Listen closely to Davy Knowles and hear the influence of the British Islands: David Gilmour, early Jimmy Page, Richard Thompson and the great Irish bluesman Rory Gallagher. Knowles is a masterful guitarist but he doesn’t overplay his instrument, instead weaving vintage tones with an organ and a rhythm section to create tasteful, mind-blowing sonic journeys.
He’s a half-century late to be a part of the British Invasion – at 29 years old – but is a sensational representative nonetheless. Imagine his arrival being delayed due to his slow means of transportation. Soaking in the experience, Knowles and his father took seven-hour jaunts on a 24-foot sailboat from the Isle of Man to Northern Ireland.
“Dad was a purist,” Knowles said. “He didn’t want to turn the engine on. You are much more likely to spill your drink that way.”
The Isle of Man is about 12-by-28 miles long and is inhabited by only 80,000 people, most whom live in the capital city, Douglas. Music is an integral part of the lifestyle. “It’s a gorgeous place but we’ve only one mountain, not at all like Tahoe. You can walk to the top of it, and there’s a café there.”
That part of the world has what Knowles calls “a pub culture,” and he started performing in pubs when he was 14 years old. Just five years later, he was playing on tour in the United States.
Knowles, who still considers himself more of a music fan than a musician, explored his father’s extensive record collection and then, with his sister, the Isle of Man’s music stores and thrift-store bins. Dad took him to a Robert Cray concert and he discovered the blues.
Knowles was part of a band named after a Cray song (written by Bonnie and Robert Hayes), Back Door Slam, which went on two major U.S. tours.
“I’d always dreamed it’s coming to the states to play music,” Knowles told Tahoe Onstage. “It’s where the music I fell in love with came from, whether it was interpreted by the Brits again or in its raw form. I quickly realized that this is where I need to be.”
The other Back Door Slam “lads,” however, didn’t want to live full-time in the States and the group disbanded. (Bassist Adam Jones now lives in London and has a band, Scarlet Parade, and drummer Ross Doyle is back at the Isle of Man.) At age 22, Knowles moved permanently to Chicago, and that has nothing to do with the city’s blues tradition.
“It was a typical musician’s story: I met a girl (who lives in Chicago),” Knowles said.
That’s not to say Knowles doesn’t appreciate the Windy City’s storied history. Remember, he’s a musicologist. Inspired by pioneering bluesmen such as Charlie Patton, Bukka White and Blind Boy Fuller, Knowles recorded a six-song EP, “1932,” to be released in April. Each of the songs is recorded on a 1932 National guitar.
“I think it’s important to always push yourself and try different things and learn different things,” Knowles said. “I certainly learned quite a lot with ‘1932.’ It’s a fun thing to immerse yourself in a different sound for a little while.
Knowles bought the guitar when he was on his first U.S. tour, and said he has played it at almost every show since. He also uses a beat-up 1966 Fender Telecaster, a 1963 Gibson Melody Maker and a more modern Martin acoustic.
“They go everywhere with me all the time,” Knowles said. “I like the tone, the feel and, it’s really vain, but I think a huge part of it is the look. I grew up watching people like Rory Gallagher using these vintage Fenders and that’s what you aspire to play yourself one day — the same stuff your heroes play. They just have a sound and a feel all their own. The new ones don’t feel the same to me.”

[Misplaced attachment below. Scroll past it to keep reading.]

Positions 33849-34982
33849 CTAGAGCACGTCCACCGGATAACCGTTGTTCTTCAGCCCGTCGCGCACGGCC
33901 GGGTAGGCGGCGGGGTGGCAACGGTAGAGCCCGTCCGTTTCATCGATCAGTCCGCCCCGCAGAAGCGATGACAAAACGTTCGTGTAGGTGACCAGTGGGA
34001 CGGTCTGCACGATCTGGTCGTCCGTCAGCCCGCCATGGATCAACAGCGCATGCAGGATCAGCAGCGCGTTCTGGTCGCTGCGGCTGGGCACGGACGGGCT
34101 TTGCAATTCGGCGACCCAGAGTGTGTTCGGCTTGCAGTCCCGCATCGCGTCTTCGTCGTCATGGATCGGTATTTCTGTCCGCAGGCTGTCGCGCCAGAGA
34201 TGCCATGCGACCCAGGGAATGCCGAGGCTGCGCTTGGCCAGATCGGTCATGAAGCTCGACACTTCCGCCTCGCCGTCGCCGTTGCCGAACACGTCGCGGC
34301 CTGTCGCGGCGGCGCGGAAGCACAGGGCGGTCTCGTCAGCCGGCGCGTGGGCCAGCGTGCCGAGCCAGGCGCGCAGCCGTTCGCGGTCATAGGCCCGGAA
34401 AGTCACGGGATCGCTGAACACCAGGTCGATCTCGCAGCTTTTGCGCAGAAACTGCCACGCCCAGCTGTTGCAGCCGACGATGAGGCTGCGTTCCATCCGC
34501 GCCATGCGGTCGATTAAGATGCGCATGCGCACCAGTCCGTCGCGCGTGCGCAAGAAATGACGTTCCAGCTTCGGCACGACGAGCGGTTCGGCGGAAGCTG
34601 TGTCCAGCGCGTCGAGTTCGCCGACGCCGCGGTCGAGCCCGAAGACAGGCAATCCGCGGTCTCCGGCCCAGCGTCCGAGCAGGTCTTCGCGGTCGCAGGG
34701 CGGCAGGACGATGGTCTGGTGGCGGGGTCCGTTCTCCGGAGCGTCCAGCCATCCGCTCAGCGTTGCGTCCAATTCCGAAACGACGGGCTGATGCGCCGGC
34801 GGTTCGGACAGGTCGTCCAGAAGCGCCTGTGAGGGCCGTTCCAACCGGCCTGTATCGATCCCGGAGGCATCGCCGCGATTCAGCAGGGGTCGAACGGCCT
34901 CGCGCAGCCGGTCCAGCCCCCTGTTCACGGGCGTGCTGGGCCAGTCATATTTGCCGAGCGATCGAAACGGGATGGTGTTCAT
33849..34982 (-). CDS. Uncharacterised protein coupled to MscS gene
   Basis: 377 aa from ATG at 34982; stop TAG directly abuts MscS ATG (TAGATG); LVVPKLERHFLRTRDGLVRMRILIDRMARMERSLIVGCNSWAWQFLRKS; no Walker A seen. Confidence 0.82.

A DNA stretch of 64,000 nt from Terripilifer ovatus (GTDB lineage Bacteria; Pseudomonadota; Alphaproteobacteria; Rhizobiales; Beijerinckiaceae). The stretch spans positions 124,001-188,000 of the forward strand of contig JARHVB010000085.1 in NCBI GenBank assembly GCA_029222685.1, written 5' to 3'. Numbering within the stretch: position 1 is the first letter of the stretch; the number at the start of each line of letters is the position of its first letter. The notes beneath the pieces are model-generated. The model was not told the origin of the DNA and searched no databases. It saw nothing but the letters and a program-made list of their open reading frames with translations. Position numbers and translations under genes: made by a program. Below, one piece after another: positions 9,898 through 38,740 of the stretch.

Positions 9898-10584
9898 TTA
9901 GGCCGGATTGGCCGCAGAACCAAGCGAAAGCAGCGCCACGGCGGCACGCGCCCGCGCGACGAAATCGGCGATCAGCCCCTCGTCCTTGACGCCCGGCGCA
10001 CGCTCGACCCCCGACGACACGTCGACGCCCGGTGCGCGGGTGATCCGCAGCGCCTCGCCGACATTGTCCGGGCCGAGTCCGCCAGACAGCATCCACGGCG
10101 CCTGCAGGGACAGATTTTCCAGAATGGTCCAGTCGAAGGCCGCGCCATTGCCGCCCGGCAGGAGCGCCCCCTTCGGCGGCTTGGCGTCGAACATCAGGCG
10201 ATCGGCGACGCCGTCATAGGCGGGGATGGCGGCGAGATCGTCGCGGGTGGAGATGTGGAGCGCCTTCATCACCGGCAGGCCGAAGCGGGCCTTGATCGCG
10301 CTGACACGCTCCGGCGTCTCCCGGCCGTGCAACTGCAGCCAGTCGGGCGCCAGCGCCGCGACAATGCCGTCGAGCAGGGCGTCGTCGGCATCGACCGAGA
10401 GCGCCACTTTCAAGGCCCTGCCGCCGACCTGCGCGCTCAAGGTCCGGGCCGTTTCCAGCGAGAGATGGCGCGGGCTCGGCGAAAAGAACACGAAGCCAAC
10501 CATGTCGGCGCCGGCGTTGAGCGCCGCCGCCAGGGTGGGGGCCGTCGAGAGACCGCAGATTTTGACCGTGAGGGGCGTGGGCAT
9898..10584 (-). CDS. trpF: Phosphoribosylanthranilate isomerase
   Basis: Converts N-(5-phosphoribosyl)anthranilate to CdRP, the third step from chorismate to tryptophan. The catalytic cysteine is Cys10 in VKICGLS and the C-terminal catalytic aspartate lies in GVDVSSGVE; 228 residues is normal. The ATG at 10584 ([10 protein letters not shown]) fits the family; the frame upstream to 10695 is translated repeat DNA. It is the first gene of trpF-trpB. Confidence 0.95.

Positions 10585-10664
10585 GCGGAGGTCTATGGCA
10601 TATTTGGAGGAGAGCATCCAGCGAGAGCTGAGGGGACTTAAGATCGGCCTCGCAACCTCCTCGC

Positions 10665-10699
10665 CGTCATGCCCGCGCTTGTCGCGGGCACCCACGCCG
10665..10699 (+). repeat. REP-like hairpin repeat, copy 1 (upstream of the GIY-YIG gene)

While he may not be a household name yet, Knowles is well known to musicians. Joe Satriani calls Knowles his favorite modern blues guitarist, and Knowles toured with Jeff Beck. A few years ago, Knowles visited the jam-band world and played with former Grateful Dead drummers Mickey Hart and Bill Kreutzmann in a band called the Rhythm Devils.
Taking a page from the jam-band’s philosophical songbook, Knowles records each of his shows and posts the cream of the crop on his website page “Official Bootlegs.”
“We are releasing the best-of every month,” he said. “It forces us to keep fresh and try different things. It’s in the Gov’t Mule ‘Mule Tracks’ kind of vein.
On the cover of Knowles’ most recent studio album, “Three Miles From Avalon,” a sailor with a guitar is depicted in rough seas heading toward a lighthouse. The music is blues-based rock sung by Knowles in a low tone that contrasts to his speaking voice. The album ends with a superb song “What In The World,” a more than 10-minute jam reminiscent of Pink Floyd. The organ is featured as much of the guitar.
Knowles, who has a West Coast tour from March 22-April 1 before playing the Byron Bay Blues Fest in Australia, performs in a quartet.
“I feel (the organ is) really vital to the sound playing some of these songs live,” he said. “Andrew Toombs is such a fab player and he adds so much to it. I think too much guitar can wear on people. Sometimes you need another sound in there to really help things out.
“You’ve got to serve the song, right? I mean, I’m always going to play a little bit of the guitar but I think the song comes first. If you are just writing to have a guitar solo, maybe you’re writing for the wrong reasons. I think it’s whatever each individual song dictates. Sometimes a little burst of guitar playing rather than elongated things is a bit more effective.”
- Davy Knowles West Coast Tour
March 22 – Phoenix, The Rhythm Room
March 23 – Las Vegas, MGM
March 24 – Los Angeles, The Mint
March 25 – Arcadia, Arcadia Blues Clug
March 26 – Santa Cruz, Moe’s Alley
March 28 – Mill Valley, Sweetwater Music Hall
March 29 – Napa, Blue Note Napa
March 30 – San Francisco, Biscuits & Blues
March 31 – Red Room, Crystal Bay
April 1 – Sutter Creek, Sutter Creek Theatre